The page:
Want to really be decent? Spend your spare time fighting to overturn Roe v. Wade, which would return the issue to the state legislatures, exactly as capital punishment is today. Then your fellow citizens could vote their consciences and, if they felt strongly enough about the issue, move to a state that more closely reflects their values. That would be decent.

Galvanized said...

Kristin, I would agree with you on the courage part -- but whose rights are you fighting for to oppose same-sex marriage? What is it that people are afraid of for the State to recognize same-sex unions? It doesn't have to fit your idea of a marriage any more than one in which you know people who cheat on one another and ultimately divorce. I see no more of a sacrilege in gay marriage than in many straight people's marriages -- with an almost 50% divorce rate, do you? To me, it's real courage to fight for someone else's rights, not just to oppose what you fear or don't understand. Just saying.

Galvanized said...
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Galvanized said...

Better yet -- for every straight marriage that fails in America, or for every straight marriage that ends because of adultery, I say that one gay couple be allowed to marry. WHY should straights get the second, third, fourth, unlimited chance(s) when they don't get at least one? I hope that didn't offend, but it would make sense -- that is, if the consensus is still that gays shouldn't be allowed to marry.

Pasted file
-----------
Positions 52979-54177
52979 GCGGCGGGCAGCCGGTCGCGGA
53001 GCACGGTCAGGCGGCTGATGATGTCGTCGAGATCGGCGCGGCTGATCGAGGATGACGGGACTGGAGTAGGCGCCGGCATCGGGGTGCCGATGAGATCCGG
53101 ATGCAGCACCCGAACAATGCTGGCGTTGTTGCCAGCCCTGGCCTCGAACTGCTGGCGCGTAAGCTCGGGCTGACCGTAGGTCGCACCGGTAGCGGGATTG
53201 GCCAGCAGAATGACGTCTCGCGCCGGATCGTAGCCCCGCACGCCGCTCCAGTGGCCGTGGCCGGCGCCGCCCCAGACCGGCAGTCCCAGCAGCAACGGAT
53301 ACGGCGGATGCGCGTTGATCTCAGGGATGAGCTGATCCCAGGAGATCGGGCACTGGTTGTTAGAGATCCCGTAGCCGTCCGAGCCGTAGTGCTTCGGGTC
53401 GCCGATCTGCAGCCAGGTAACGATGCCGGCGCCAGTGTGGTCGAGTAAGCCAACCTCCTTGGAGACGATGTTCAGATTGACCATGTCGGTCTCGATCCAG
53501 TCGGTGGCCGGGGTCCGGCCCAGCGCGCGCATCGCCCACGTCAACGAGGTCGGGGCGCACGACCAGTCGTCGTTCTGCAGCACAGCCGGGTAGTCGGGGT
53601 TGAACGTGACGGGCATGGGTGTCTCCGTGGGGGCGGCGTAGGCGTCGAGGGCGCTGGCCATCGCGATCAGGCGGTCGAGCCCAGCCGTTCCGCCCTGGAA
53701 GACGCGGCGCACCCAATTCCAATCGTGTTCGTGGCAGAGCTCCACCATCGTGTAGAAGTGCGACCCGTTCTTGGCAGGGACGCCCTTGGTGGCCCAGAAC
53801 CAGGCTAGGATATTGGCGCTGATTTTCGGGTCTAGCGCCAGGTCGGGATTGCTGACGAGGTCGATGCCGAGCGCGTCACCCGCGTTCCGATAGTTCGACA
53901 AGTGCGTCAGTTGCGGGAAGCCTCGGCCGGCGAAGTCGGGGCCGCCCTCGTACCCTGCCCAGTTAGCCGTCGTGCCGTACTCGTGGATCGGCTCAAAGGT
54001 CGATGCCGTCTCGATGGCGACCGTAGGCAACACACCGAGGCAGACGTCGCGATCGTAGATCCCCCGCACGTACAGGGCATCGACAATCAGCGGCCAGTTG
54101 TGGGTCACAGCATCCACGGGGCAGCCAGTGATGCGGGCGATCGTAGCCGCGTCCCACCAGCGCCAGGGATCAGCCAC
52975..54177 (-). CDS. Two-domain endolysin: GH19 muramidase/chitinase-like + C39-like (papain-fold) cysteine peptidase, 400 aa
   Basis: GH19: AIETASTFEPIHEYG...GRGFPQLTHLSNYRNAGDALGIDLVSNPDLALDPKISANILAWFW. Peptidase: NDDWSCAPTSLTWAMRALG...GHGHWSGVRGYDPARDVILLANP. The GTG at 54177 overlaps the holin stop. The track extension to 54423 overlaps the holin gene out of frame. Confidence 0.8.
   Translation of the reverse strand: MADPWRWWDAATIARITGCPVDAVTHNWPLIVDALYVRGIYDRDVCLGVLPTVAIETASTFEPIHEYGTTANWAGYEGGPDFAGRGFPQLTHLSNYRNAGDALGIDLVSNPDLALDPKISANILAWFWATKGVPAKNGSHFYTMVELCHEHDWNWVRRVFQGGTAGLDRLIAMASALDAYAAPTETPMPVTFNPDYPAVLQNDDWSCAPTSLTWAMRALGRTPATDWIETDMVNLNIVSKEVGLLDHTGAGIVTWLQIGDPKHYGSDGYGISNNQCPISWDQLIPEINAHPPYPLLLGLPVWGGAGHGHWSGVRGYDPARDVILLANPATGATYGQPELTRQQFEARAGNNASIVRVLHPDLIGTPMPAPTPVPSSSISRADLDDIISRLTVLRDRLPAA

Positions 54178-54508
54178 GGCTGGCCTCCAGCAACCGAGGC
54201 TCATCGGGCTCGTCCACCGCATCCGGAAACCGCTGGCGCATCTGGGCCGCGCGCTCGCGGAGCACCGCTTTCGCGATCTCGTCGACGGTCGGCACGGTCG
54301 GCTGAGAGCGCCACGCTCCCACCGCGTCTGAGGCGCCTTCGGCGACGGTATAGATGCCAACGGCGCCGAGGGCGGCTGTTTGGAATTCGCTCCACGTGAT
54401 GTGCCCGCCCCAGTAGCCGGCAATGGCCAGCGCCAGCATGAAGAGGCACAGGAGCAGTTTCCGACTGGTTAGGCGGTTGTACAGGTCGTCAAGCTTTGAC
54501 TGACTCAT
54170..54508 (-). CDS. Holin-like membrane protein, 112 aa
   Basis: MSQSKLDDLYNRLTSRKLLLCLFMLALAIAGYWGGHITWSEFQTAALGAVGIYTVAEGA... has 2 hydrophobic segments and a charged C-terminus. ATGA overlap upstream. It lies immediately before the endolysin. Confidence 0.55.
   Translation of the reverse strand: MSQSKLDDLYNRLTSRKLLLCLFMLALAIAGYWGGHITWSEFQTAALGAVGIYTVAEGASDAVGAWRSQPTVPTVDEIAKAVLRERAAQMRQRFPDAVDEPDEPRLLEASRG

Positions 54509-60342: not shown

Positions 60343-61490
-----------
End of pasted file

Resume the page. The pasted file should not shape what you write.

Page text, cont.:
c3 said...

for every straight marriage that ends because of adultery, I say that one gay couple be allowed to marry.

And after, say, 20 years we can see who f**ked up marriage more.

Cool....when do we start?

John Stodder said...

Being pro-abortion rights means supporting Roe v. Wade, which means forcing your legal views down the throats of the electorate via non-democratic means—the diametric opposite of being decent.

1. You write this as if Roe v. Wade is the first Constitutionally-based limitation placed on states, ever. It's not.

2. The front part of your statement is false anyway. A legally discerning mind can agree that Roe v. Wade was wrongly decided, but still be pro-abortion rights. One such: Ruth Bader Ginsburg.

3. Nobody has ever passed a law under Roe v. Wade that forced anybody to do anything. All you are "forced" to do is abide with the knowledge that somewhere in America, someone is doing something you don't approve of. It's not you who's doing it, and you don't have to pay for it.

4. It's unfortunate that Obamacare has muddied what used to be a pretty clear and fair compromise, to wit: Abortion is legal to anyone who wants one, at least for the first trimester, however no tax dollars will go toward any abortion expenses. If you take Obama's executive order seriously, as not a disingenuous political gesture to give cover to a quivering politician, however, then the distinction still exists.

The reason Laura Bush is pro-choice is because we don't live in country where individual moral choices are codified into law. If you don't like abortion, you are free to preach against it, and if you are articulate enough, you will probably convert many. Freely, of their own will. But not by law.

I think it's more significant and encouraging that she supports gay marriage. It would even better if Obama made the same statement. Maybe this will give him cover.